Helen M. Free Award for Public Outreach
Award at a Glance
To recognize outstanding volunteer achievements in the field of public outreach by a member of the ACS who improves public recognition and appreciation for the contributions of chemistry.
This annual award was established in 1995 by the American Chemical Society's Committee on Public Relations and Communications. Winners receive a crystal award and a $1,000 prize.
For the purposes of this award, “public outreach” activities are defined as those that reach lay audiences, as opposed to science professionals. The award selection committee will consider such factors as the nominee’s personal advocacy and involvement in volunteer public outreach initiatives; development or expansions of ideas, materials, and/or resources for volunteer programs; and overall impact on the public.
Qualifying activities include lectures, presentations, demonstrations, seminars, symposia, and exhibits intended for the public; newspaper or magazine articles and interviews; radio and television appearances; and hands-on science activities with children and/or adults. Venues may include schools, libraries, places of worship, museums, parks, shopping malls, and other public places. Audiences may include civic, fraternal, religious, youth, and professional (non-science) groups. The activities may be local, national, or international.
A nominee must be an ACS member in good standing whose efforts have increased the public’s awareness and understanding of the importance of chemistry or chemical engineering. The nominee must have made a major effort to reach the public with positive messages about the contributions of the chemical sciences to a better quality of life.
Nominees have usually performed volunteer public outreach for more than 5 years, and winners often have exhibited a lifetime commitment to volunteer public outreach. Prior nomination does not exclude a candidate for consideration in subsequent years.
While a nominee may be professionally involved in public outreach (either self-employed or as an employee of a corporation or organization), the volunteer activities for which he or she is nominated must be performed without financial compensation (i.e., not as part of their job).
Employees of the ACS are not eligible.
Nominations must be submitted using the Helen M. Free nomination form as a single file in PDF format. Nominations for the 2023 award are due by 11:59 pm on February 15, 2023.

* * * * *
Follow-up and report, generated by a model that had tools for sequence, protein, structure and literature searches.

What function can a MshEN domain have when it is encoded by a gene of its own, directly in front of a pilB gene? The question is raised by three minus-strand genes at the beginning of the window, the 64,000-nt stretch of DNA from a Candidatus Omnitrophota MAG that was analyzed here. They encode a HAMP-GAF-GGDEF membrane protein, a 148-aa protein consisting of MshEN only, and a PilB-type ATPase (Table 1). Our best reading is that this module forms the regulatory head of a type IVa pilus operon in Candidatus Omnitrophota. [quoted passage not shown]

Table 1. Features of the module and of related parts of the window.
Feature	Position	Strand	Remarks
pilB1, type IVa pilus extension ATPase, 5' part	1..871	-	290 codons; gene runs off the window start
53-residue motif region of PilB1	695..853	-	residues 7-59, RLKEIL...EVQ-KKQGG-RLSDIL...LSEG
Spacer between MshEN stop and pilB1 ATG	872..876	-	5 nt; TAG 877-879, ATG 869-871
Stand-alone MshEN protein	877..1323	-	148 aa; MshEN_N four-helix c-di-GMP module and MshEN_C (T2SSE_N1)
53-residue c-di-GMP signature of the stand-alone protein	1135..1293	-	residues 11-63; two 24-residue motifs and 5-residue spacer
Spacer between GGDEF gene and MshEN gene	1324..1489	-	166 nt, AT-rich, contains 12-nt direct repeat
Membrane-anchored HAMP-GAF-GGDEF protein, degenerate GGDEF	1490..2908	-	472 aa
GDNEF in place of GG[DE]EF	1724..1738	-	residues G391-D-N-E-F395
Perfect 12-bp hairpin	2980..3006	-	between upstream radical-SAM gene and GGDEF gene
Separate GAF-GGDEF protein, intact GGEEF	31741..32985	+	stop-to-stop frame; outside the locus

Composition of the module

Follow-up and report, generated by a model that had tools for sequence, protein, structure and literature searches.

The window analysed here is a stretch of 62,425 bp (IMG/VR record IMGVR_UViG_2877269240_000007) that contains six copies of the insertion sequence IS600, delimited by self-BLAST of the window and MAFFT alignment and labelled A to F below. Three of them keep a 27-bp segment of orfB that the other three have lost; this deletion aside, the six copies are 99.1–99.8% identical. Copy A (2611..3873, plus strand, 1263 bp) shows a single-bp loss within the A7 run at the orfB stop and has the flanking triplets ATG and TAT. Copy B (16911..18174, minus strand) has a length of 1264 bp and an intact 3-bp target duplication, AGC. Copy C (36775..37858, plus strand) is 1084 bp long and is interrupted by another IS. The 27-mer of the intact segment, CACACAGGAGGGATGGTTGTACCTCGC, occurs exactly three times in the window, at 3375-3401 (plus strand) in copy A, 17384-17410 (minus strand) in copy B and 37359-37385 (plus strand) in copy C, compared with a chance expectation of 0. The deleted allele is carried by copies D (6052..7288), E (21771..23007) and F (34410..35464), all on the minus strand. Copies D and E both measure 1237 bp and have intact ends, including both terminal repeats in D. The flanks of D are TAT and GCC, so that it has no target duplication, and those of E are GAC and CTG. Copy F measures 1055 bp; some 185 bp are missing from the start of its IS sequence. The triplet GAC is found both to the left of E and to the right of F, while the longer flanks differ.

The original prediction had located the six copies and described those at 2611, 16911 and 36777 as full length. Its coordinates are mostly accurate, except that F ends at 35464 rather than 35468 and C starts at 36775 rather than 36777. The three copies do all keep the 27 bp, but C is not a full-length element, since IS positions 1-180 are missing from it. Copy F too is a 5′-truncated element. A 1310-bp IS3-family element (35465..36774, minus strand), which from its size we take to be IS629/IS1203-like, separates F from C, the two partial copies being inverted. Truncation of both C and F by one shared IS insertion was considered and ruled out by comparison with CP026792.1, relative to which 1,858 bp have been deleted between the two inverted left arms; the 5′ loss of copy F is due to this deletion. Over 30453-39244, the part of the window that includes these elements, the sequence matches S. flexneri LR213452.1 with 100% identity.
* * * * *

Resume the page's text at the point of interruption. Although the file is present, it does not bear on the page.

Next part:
Any individual may submit a nomination; self-nominations will be accepted from those who meet the eligibility criteria listed above. Nominations should include one or two seconding letters. Nominations should be e-mailed by 11:59 pm on February 15, 2023, to HMFreeAward@acs.org. If you don't receive a confirmation of receipt within a week of submitting a nomination, please follow up by email or phone.
Nominations are reviewed by the Awards Working Group of the ACS Committee on Public Relations and Communications. Nominations remain eligible for consideration for three years.
The award is presented annually at the ChemLuminary Awards ceremony, which is typically held in the fall. Winners must agree to be present to receive their awards unless prevented by circumstances beyond their control. The ACS provides complimentary travel and hotel accommodations of up to $2,000 for the awardee and one guest (in addition to the $1,000 prize for the awardee).
The winner is notified by email in early July.
When she assumed the presidency of the American Chemical Society in 1993, Helen M. Free pledged to initiate and support activities that would “improve the public’s awareness of chemistry’s contributions to the quality of daily life.”
This pledge grew out of her long-standing commitment to public outreach by chemists and chemical engineers. She participated in the establishment of Kids & Chemistry, a program in which scientists do hands-on activities with elementary school students. As chair of the National Chemistry Week Task Force (1987-1992), she shepherded ACS’s most successful public outreach program through its formative years. She helped originate and led the movement toward a worldwide International Chemistry Celebration in 1999, and was a champion of the United Nations’ declaration of 2011 as the International Year of Chemistry.
Ms. Free gave countless talks on the importance of communicating science to the public, and she personally did more than 100 media interviews on the importance of chemistry to modern society. These contributions were milestones in her more than 50-year career as a clinical scientist—a career that was studded with honors and awards for professional excellence and service to her profession and the community at large. It is more than fitting that the annual Award for Public Outreach bears her name.
Ms. Free passed away in May 2021 at the age of 98. Read about her life and storied career.
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